Who Would Dr. Ben Kill?

by | Nov 10, 2015


GOP Presidential candidate and retired neurosurgeon Dr. Ben Carson is unafraid to wear his Christian values on his sleeve. Indeed he has rocketed to frontrunner status on the strength of his popularity with Evangelical Christians in the US. But thanks to Lew Rockwell for pointing out the shocking anti-Christian core of Ben Carson’s “Christianity.” Carson rips to shreds a central component of the ancient Christian “Just War” theory: the idea of distinction once war has begun (Jus in bello).

According to centuries of thinking on the Christian conduct of war, the warring parties must make a distinction between legitimate military targets and non-combatants caught up in the conflict through no fault of their own. Christians are not to support the wholesale slaughter of civilian non-combatants regardless of their religious beliefs, skin color, customs, or nationality.

Dr. Carson, who is strongly opposed to killing American babies inside the womb, just as strongly supports killing the same innocent babies once they are out of the womb — as long as they are foreigners.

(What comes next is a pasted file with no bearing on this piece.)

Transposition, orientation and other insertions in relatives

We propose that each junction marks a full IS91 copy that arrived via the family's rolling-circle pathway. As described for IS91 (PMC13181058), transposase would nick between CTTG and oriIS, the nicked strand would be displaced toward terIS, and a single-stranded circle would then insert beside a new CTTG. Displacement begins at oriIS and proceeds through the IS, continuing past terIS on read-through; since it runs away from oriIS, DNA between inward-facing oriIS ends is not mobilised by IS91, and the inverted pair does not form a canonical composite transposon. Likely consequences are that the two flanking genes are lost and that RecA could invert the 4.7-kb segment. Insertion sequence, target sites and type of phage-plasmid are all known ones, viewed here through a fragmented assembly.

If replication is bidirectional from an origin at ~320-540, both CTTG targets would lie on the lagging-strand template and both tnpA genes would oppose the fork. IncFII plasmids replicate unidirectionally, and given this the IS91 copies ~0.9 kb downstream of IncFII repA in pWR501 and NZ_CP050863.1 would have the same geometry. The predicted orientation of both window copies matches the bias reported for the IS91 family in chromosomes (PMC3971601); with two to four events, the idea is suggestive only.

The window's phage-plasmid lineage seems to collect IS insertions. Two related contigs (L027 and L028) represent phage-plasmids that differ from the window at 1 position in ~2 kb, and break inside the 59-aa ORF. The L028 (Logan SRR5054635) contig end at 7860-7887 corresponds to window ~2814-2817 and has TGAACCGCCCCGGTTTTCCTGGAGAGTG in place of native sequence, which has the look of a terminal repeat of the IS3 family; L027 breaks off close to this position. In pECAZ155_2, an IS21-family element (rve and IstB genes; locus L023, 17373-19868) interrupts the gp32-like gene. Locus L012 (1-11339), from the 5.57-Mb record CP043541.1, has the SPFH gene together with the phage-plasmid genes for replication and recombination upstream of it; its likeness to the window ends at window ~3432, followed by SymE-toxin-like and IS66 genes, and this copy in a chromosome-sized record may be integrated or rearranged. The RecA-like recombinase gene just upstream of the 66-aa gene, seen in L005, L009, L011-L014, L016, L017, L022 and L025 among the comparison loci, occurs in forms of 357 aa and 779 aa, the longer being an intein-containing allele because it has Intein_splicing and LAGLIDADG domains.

Dr. Carson believes that it is intolerable “political correctness” that “dictates we cannot kill innocent women and children” who get in the way of “destroying the enemy.”

The US should have completely annihilated the Iraqi city of Fallujah, Carson asserts, because “if the terrorists were foolish enough to choose to remain and to keep people from leaving, any ensuing deaths would clearly be their responsibility.” This despite the fact that the US had no legal or moral right to attack Iraq in the first place — a point that is no doubt lost on Carson.

This is the moral compass of the presidential candidate championed by millions of American Christians? God help us.


  • Daniel McAdams

    Executive Director of the Ron Paul Institute for Peace and Prosperity and co-Producer/co-Host, Ron Paul Liberty Report. Daniel served as the foreign affairs, civil liberties, and defense/intel policy advisor to U.S. Congressman Ron Paul, MD (R-Texas) from 2001 until Dr. Paul’s retirement at the end of 2012. From 1993-1999 he worked as a journalist based in Budapest, Hungary, and traveled through the former communist bloc as a human rights monitor and election observer.

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